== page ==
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David Sanders
David Sanders

Linux: The Textbook

Now, NPO LPI-Japan has developed a "Linux Standard Textbook" for the purpose of using it for educating Linux engineers, released it on the Internet and offered it.This "Linux standard textbook" has been developed in response to requests from various ed-ucational institutions, for learning materials and learning environments to learn Linux from "basic".When publishing, it is published under the license (Creative Commons License) attached to "Linux standard textbook".This teaching material will be updated from time to time in order to respond to the latest technology trends. For text creation and updating, anyone can participate in the open discus-sion mailing list and wiki.URL of the mailing list -textLinux Standard Textbook Wiki

Linux: The Textbook

This textbook was made by using the word processor function of which is office suite of open source. I took charge of the style that was able to manage the format and the layout easily. Authors might have been able to concentrate on writing the manuscript. It would be greatly appreci-ated if could play a part of spread of OSS.

This textbook was made so that it can be a help for everyone who will study Linux/OSS and teachers who ardently undertaken them. It would be greatly appreciated if you send the im-pression and suggestions for improvement in order to be a better textbook by revising in a few times in the future.

This textbook can be used as teaching material freely except for profit-pursuing purpose (*). To use for profit-pursuing purpose needs a permission by LPI-Japan.Education using this material can be used basically even for profit-oriented education if you do not charge the price of this material itself. In that case, please do not hesitate to contact LPI-Japan secretariat.(*) Use for profit-making purposes stipulates as follows.To conduct a training or a lecture using copies of this teaching material at a commercial en-terprise, or to use for a fee-based seminar etc. at a non-profit organization.

Covering all the essential components of Unix/Linux, including process management, concurrent programming, timer and time service, file systems and network programming, this textbook emphasizes programming practice in the Unix/Linux environment. Systems Programming in Unix/Linux is intended as a textbook for systems programming courses in technically-oriented Computer Science/Engineering curricula that emphasize both theory and programming practice. The book contains many detailed working example programs with complete source code. It is also suitable for self-study by advanced programmers and computer enthusiasts.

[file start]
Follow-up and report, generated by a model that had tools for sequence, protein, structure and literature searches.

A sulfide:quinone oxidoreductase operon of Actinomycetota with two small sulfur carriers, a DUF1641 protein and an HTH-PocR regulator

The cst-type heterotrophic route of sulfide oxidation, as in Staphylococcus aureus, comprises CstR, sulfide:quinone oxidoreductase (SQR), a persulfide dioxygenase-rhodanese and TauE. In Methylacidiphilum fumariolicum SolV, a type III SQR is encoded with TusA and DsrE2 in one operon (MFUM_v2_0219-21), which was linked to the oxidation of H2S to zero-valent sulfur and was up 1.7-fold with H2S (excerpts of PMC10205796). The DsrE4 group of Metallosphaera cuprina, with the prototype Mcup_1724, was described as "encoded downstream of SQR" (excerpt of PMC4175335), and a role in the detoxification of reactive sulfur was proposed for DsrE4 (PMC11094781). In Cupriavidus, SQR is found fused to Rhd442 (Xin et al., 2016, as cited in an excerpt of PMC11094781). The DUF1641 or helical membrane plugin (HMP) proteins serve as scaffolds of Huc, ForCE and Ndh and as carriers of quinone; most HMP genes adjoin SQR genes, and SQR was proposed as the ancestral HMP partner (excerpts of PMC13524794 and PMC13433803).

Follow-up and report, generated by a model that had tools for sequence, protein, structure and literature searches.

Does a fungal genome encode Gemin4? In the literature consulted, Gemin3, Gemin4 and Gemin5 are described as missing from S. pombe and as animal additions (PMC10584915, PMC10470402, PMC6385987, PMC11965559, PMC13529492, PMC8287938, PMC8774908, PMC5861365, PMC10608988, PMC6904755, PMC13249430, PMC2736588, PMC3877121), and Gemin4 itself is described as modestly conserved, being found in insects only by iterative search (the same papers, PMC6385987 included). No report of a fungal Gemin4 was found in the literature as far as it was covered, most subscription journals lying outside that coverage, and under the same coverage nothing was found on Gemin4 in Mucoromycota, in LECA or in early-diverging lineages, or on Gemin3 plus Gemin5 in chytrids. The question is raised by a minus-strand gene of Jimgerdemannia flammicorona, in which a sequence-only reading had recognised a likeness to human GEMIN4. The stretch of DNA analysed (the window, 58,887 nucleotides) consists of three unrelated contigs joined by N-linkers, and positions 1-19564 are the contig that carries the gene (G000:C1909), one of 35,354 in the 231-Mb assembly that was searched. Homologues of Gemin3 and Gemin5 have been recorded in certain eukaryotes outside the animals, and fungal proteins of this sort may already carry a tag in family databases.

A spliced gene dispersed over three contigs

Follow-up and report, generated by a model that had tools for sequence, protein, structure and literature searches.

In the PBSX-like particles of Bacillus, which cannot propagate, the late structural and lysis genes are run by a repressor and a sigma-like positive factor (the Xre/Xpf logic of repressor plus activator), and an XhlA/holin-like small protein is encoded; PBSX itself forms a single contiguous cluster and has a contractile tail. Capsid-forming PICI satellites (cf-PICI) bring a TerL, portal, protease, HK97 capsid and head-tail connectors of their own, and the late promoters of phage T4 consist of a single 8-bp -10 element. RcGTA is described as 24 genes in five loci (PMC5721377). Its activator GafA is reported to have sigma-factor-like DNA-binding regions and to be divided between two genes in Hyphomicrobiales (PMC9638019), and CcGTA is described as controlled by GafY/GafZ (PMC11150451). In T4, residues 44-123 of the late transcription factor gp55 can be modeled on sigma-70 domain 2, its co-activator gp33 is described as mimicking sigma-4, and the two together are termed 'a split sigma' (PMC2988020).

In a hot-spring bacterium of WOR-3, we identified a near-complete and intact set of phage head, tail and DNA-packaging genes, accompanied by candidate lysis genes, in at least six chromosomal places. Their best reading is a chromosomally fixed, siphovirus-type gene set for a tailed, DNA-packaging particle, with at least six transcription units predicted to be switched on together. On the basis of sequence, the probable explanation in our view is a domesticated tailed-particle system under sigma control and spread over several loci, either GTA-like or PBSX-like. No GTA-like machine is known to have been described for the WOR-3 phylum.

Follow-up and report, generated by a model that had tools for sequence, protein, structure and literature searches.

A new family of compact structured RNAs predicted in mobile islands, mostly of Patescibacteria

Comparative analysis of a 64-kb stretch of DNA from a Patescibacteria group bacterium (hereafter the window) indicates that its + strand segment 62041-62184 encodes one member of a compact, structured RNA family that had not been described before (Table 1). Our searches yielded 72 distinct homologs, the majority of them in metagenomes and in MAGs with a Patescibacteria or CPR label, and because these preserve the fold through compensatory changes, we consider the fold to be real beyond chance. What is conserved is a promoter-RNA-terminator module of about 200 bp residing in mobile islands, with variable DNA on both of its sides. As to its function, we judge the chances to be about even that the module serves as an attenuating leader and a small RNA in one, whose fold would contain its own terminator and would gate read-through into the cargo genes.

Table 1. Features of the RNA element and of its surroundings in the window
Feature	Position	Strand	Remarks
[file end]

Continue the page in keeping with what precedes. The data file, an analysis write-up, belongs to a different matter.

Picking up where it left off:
Consider the information in the LPI Linux Essentials textbook on page 48 related to Open Source software (below the section marked note). Keeping these parameters and principles in mind research the features of three open source programs that are of interest to you and How they adhere to the principles referenced above. You should also answer the following questions iin the paper: How does the feature set compare to the commercial version of software, how does software usability compare between the versions, Is the software openly maintained etc

Among our practical goals will to learn to leverage existing Linux tools, to learn how to write correct code in C++, and how to achieve performance and efficiency. Like any programming language, you really teach yourself by doing, but we will present C++ and Linux in the required section. Assigned readings and homeworks will help you build up hands-on proficiency. C++ and Linux are easy to learn if you are comfortable in some other object oriented programming language like Java, so we will move quickly (this is not a course for people who struggle with programming or who have never seen object-oriented code and learned about data structures). You'll also be reading a famous C++ self-teaching textbook, written by the inventor of the language. This will begin early in the semester, so be ready to work hard in the first few weeks!